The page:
When our pacifiers are taken away we are suddenly exposed. It is hard. It is awful. I can remember one Lent when I gave up all desserts, I dreamt almost every night of luscious, decadent, obscenely sweet desserts. I couldn’t even shut my brain off when I was sleeping. I believe that just about every human being is addicted to something, especially if you define addiction as anything we use to fill the empty place inside of us that belongs to God alone. And anything can be an addiction—alcohol, drugs, shopping, blaming, eating, TV, our cell phones, texting, the internet, taking care of other people—you name it, if you can use it to fill that space in you that is meant for God then it can be an addiction.

The Temple in Jerusalem that was destroyed 2000 years ago, had deep inside it a space called the holy of holies. This was thought to be the place where God resided. It was an empty space. It was not filled with anything. Well, that space, the holy of holies resides in each and every one of us. Each and every one of us has a holy of holies within us, a place where God resides. Nothing on earth can fill it up, only God can fill it up, but that does not stop us from trying. Whenever we start feeling too empty inside, we stick our pacifiers into our mouths and suck for all we are worth. They do not nourish us, but at least they plug the hole.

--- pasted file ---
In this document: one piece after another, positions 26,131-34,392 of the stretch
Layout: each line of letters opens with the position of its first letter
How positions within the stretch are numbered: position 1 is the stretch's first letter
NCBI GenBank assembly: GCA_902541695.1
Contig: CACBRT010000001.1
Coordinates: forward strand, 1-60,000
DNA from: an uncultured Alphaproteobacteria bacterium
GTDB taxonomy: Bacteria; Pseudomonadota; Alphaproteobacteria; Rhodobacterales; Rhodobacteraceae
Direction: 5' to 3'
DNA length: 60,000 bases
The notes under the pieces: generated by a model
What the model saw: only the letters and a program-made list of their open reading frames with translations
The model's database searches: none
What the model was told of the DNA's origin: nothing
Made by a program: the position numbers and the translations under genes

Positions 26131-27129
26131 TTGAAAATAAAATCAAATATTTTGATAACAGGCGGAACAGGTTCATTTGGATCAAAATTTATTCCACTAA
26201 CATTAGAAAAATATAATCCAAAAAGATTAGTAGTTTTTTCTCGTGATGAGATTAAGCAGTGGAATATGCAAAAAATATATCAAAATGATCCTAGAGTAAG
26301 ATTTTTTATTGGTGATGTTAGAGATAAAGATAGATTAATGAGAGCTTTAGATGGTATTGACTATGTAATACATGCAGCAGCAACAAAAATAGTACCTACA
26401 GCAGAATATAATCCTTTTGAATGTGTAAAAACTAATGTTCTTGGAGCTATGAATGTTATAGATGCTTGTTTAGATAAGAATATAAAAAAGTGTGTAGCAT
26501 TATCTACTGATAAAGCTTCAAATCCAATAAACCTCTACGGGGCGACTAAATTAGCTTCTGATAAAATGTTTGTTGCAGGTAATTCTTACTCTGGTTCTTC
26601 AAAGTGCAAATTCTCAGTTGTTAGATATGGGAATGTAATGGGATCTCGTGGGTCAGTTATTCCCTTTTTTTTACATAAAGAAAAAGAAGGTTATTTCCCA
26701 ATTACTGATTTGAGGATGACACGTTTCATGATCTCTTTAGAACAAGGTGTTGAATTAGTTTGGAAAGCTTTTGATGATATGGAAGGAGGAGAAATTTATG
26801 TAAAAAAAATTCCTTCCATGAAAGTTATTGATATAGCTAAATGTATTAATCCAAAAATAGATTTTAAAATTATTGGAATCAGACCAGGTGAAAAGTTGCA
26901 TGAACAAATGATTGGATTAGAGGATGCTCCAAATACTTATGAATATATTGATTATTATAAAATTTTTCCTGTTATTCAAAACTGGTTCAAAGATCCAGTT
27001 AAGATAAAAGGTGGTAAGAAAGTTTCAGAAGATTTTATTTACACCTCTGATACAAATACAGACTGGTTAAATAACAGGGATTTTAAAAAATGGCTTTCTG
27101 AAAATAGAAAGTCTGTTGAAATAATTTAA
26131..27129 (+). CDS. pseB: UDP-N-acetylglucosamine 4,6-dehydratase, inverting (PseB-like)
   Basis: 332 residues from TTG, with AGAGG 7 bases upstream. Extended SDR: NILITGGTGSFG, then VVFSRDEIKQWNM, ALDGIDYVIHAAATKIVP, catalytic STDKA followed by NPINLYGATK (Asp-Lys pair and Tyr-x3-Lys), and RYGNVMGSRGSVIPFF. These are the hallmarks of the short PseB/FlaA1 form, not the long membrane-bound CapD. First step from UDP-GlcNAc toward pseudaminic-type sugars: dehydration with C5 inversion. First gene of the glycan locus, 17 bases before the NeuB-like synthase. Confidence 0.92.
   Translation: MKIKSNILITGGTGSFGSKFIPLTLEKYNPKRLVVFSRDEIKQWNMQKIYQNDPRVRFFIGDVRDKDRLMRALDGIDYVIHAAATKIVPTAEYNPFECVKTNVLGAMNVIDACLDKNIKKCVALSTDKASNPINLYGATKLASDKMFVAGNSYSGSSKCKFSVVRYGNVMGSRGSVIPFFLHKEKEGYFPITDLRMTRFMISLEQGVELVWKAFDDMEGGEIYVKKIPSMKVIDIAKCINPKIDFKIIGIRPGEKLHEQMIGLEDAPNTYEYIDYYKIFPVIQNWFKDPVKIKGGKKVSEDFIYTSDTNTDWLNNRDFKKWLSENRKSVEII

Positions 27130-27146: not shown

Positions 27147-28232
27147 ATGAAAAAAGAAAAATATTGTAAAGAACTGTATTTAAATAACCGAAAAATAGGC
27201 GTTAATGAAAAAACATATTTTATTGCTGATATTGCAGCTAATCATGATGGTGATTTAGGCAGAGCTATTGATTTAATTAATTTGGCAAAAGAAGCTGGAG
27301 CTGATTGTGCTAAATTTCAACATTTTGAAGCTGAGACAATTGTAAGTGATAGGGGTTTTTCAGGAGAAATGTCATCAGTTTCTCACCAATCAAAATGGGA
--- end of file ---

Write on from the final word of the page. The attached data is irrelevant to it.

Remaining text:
So, if you are considering giving something up for Lent, I have some suggestions for you. First, remember that Lent isn’t a self-improvement program. It isn’t the time when you get your body ready for swimsuit season. It is a time when we work on relationship with God. Second, there isn’t anything magical about what you give up. Actually, the particular thing that you give up isn’t particularly important, as long as it is something that you would normally use to fill the space that is meant for God.

What is important is the inner work you do around giving this thing up. Pay attention to how often your mind travels in that direction. Ask yourself why it happens when it happens. What is going on when you turn to that thing you gave up? What are you feeling? Try sitting with the feelings rather than avoiding them and see what you find out. It probably won’t feel very good at first. You will probably feel a great deal of anxiety and panic. “If you don’t have that thing you gave up right now you’ll go nuts.” Next you will probably find yourself turning to denial. That candy bar or whatever it is that you gave up is not really a pacifier, I’m not really using it to fill the space that was meant for God. And finally you will find yourself thinking, “If God really loves me, then I can do whatever I want. God will forgive me anyhow. Why waste my time on this dumb exercise?”

This is true. God will love you, whether you take on a discipline or not this Lenten season. God will love you if you take on a discipline and are not able to keep it. God will love you no matter what. And that is exactly why each and every one of us should be working on getting rid of the things we use to fill us up. Because God does love us, and it is that love and only that love which will bring us the true comfort and peace that we crave. God’s love is the only thing that will bring us the peace that passes all understanding. May you have a holy Lent in which you discover the holy of holies that is within you. Amen.